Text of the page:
Uncertainties of unschooling

By | April 5, 2010

Posting an email response I made on a group I belong to.

“What if things don’t fall into right places and then one day your child will ask, why did you do this to me?”

The way I see this, no matter what I do, I will have done some things well and messed others up. If a child (or anyone for that matter) wants to put blame on me, there will always be ammo. There is no way to predict how things will unfold. I can only act to the best of my ability and in line with my beliefs right now.

That said, I imagine a child who suffers decisions made by others, whose individuality is not nurtured, whose desires are not respected is likely to harbor more resentment from always living to someone else’s tune. So its not really a equal choice problem to school – unschool, since once out of school, there is no reason for the child to suffer from living another’s idea of appropriate. so, in fact, I would be removing many resentment triggers by unschooling.

How will you face it?

By facing it. There are no short cuts. I will need to get buy-ins from many people lovingly involved in his life – be it through stubborn, gentle, persuasive, argument… It is a journey with each person you’d like remaining lovingly involved.

Are you sure what you are doing will work for your kid?

Nope. I am sure that this is the best choice I can make.Hindsight is twenty twenty. Now takes courage in belief.

Why don’t you send her to another good school where they don’t conduct exams?
Why not IB or IG, they are international and fine quality education?

This is really something that needs addressed before committing to unschooling. Its not going to help anyone to jump in the sea and long for a pool. For me, it is basically four things:

  1. Childhood is fun. No point investing over a decade of this precious time working hard to learn things never needed beyond exams.
  2. I would like my child to learn things that will enable him to meet the world as an empowered individual (as opposed to fortified graduate)
  3. I believe many things that are a natural result of syllabus are harmful to the emotional growth of a person. (Just think of an education system that makes kids competitive, collaboration is denounced as cheating, and then corporates spending huge amounts of money to get their genius top-ranking interns able to work functionally as a part of a team)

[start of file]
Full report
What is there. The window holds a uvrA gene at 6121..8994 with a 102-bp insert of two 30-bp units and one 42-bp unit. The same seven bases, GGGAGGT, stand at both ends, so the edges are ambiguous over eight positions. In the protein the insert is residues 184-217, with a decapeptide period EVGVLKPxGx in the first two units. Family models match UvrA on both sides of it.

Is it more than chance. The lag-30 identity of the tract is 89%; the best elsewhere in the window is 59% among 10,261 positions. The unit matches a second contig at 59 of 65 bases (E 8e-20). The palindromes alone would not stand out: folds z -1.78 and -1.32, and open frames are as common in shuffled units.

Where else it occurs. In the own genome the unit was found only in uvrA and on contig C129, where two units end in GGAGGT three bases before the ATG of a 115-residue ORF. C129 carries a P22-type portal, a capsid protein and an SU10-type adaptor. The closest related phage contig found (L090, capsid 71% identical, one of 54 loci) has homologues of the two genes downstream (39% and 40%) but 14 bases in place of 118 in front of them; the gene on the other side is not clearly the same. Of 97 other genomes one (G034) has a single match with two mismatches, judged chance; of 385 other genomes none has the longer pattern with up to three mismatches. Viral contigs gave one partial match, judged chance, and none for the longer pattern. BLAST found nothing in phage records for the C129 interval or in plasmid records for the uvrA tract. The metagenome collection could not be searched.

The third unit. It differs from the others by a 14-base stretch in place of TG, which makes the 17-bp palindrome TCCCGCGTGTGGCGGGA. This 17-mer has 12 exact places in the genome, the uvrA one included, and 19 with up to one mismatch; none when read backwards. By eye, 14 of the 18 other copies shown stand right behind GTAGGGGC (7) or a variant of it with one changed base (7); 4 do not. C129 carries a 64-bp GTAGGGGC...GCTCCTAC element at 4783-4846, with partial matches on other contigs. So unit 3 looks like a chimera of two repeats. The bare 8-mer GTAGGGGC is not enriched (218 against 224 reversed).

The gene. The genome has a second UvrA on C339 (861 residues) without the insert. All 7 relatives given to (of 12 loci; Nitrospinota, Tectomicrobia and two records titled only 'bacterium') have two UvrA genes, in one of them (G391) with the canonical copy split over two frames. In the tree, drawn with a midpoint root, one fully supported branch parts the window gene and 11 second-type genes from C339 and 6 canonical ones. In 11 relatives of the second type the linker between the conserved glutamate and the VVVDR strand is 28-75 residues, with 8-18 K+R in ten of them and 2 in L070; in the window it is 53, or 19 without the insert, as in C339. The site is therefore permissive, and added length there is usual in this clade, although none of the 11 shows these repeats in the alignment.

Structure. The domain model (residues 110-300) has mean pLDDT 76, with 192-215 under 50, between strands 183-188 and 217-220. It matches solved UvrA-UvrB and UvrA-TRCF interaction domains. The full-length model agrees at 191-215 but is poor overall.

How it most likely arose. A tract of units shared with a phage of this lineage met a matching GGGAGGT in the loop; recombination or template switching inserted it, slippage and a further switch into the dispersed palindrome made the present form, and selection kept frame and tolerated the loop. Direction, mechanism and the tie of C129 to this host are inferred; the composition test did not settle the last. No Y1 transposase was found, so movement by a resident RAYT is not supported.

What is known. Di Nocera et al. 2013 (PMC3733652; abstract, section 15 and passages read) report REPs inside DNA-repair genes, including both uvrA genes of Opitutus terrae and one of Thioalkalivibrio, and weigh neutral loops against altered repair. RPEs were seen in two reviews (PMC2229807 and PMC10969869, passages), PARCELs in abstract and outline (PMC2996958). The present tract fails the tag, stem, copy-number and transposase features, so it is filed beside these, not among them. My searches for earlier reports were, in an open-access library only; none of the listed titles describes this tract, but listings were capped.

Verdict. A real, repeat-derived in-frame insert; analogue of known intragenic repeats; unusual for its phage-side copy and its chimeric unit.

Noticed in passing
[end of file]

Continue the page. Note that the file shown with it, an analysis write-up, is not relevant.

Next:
4. It feels unnatural for me to be sending my child away from family for long periods, no matter how safe the other environment is. Safety for a child is not about my assessment or some authoritative certification, but the immediate experience of familarity, comfort and attention. I used to breed horses, and never separated colts from their dams till they were of working age. I even tried to work them together as far as possible till I observed them grazing separately and forming their own relationships. I have worked mares in an emergency with foals trailing along. Why would I do any less for my child? I think there is something seriously wrong with a society that forces children to be independent of their parents and expects adult offspring to feel attachment for their parents. It can be conditioned with heavy doses of shoulds and guilt, but to be experienced, where is its foundation in a vulnerable child learning to survive without parents in situations that challenge them most? This child simply doesn’t need parents for their emotional well being. They grow up to spend all kinds of money and effort over their parents, but their idea of a good time wouldn’t include them. I wouldn’t dream of sending my son anywhere out of sight of me or a family member without my son initiating it, or (in an emergency) being okay with it. Simply put, when I’m an old, drooling bed ridden idiot, I’d like my child to care whether I want to go to that wonderful old age home.

I guess my thoughts are rather extreme on this subject, but I believe them completely, so here I am.

One thought on “Uncertainties of unschooling

  1. shyama

    wow! SO good to hear someone else say this: It feels unnatural for me to be sending my child away from family for long periods, no matter how safe the other environment is.
    i’m really sorry you’re having these concerns with nisarga — having more or less wasted (i’d now say) my baby’s infancy worrying over whether he was “on track” with all the things he ought to have been doing, i think i can imagine how you feel. i wish there was somehow i could say to help — some super counterintuitive thing is prompting me to suggest supposing you tried not more independence but actually less? along the whole “attachment parenting” line, supposing you carried him more, wore him actually pretty much 24/7, and just let him soak in being with you till he’s had enough? (that is, if he’s okay with your wearing him — i never could with mine, he pretty much hated it!)
    sorry for the totally unsolicited and probably wholly misinformed advice.

Leave a Reply

Your email address will not be published. Required fields are marked *